According to the National Coalition against Domestic Violence, almost 20 people are victims of domestic violence per minute. Domestic violence has been in the national headlines lately not only because it’s Domestic Violence Awareness Month, but mainly because of several incidents involving the NFL concerning the abuse of women and children. It’s a severe issue that even Hollywood has portrayed. Here are a few movies that show us the atrocity of domestic violence and how it negatively affects the abused and their loved ones.
“The Burning Bed” (1984)
Based on a true story, Farrah Fawcett plays Francine Hughes, a battered wife who humanizes the quote “your life or mine” in this sympathetic biopic. Hughes was accused of murdering her husband and pleading not guilty by claiming temporary insanity. Her case made an example on how domestic violence cases should be handled in the future.
“Sleeping With the Enemy” (1991)
Julia Roberts plays Lauren Burney, a victim of domestic violence who managed to escape her harsh reality by faking her own death. Little did she know, her little white lie would soon come back to haunt her. With the help of a new love and a new life, Lauren refuses to let her past control her future.
“Radio Flyer” (1992)
This movie portrays the story of two brothers, who use their imaginative fantasies to escape their harsh reality of physical abuse at home. When their mother starts dating a new man, Mike and Bobby’s lives quickly take a turn in the wrong direction. The only way to escape the drama at home is to make their realistic fantasies come true.
“What’s Love Got to do With It” (1993)
Angela Basset plays singer Tina Turner in this heartfelt biography. Dealing with constant physical and verbal abuse from her spouse and manager Ike Turner, Tina is faced with the decision to consider the well-being of her life or career. The ultimate decision she makes allows her to take control of her life and her career.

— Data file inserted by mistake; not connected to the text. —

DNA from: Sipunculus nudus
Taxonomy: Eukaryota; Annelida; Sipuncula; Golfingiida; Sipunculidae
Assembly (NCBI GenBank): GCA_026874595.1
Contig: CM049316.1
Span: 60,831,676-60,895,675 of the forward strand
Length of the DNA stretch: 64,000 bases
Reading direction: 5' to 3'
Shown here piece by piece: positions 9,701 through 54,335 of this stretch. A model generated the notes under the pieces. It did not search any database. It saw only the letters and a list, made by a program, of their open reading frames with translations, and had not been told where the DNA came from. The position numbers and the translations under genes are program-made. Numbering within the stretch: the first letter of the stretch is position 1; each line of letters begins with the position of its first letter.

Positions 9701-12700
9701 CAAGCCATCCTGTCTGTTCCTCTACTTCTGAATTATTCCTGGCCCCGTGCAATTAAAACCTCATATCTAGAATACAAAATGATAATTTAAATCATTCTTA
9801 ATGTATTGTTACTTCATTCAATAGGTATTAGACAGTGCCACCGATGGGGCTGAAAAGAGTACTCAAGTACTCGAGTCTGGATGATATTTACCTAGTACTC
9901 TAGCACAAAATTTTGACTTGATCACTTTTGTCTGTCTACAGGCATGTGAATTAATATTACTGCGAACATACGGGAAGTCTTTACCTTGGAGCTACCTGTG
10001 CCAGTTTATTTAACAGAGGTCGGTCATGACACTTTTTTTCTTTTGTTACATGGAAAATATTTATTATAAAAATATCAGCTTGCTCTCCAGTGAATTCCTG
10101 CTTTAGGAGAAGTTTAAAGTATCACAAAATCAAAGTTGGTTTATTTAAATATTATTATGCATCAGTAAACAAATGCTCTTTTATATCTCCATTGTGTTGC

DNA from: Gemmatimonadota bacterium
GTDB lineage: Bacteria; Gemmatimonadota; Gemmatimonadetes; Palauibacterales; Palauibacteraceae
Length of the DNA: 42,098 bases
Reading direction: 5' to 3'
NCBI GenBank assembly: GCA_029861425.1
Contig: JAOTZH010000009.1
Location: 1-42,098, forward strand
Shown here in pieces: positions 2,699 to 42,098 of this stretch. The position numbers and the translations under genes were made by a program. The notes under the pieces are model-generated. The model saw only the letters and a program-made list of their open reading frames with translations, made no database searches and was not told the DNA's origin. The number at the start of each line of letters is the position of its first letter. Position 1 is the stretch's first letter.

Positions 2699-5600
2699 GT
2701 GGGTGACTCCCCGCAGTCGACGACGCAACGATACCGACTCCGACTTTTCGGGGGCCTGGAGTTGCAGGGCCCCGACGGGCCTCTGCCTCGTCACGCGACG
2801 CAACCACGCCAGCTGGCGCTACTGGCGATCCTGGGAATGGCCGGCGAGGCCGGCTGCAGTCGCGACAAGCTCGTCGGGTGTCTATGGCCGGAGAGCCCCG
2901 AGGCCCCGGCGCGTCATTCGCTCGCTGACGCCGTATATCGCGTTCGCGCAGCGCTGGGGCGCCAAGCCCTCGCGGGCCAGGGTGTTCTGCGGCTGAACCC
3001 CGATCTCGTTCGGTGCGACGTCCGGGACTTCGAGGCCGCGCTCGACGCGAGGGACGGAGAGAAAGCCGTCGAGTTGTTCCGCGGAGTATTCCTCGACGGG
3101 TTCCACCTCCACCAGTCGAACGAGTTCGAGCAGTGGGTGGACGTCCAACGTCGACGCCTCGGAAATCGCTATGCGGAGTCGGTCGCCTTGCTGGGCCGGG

Jennifer Lopez plays a submissive housewife who learns how to defend herself in this chilling movie. Slim Hiller is an endearing mother and devoted wife, who is fed up with her husband’s infidelity and violence toward her and her daughter. Mustering up the courage to finally leave him, she finds herself in a bigger problem than the one she was in before. Once she finds out he’s stalking her every move, Slim finally realizes that the only way to stop the harassment from her husband is to fight back. She learns how to defend herself and proves to her husband that he’s not the only one who can through a punch.
This movie vividly shows that domestic violence is not just a spousal problem. “Precious” is about a 16-year-old girl who is overweight, illiterate and constantly abused by her parents. Her mother physically and emotionally abuses her, calling her demeaning names and forcing her to believe that she will never amount to anything in life. Her father has raped her for as long as she could remember, fathering both of her children. Precious eventually finds the true meaning of family when she enters an alternative school and proves to her parents that with or without their support, she will succeed.
“For Colored Girls” (2010)
With an all-star award-winning cast, “For Colored Girls” tells the story of seven women dealing with domestic issues, involving violence, infidelity, abortion and suicide. This real-life drama exhibits how the strong bond between women battling similar problems can inspire those recovering from those problems.
Domestic violence is a disturbing issue to watch on screen but a life-threatening issue to experience. Women all over the world are being subjected to physical, mental and verbal abuse. Movies such as these help reveal the everyday lives of abused women. Though biographies like “What’s Love Got to do With It?” are quite melancholic to watch because of their authenticity, others like “For Colored Girls” evoke a bittersweet emotion, because they feature women who find comfort in realizing that they are not alone.
While domestic violence movies manage to expose the severity of the issue, they also manage to uncover the confidence, strength and assurance that women possess, on and off the screen. Though easier said than done, these movies prove that ending an abusive relationship is well worth the fight.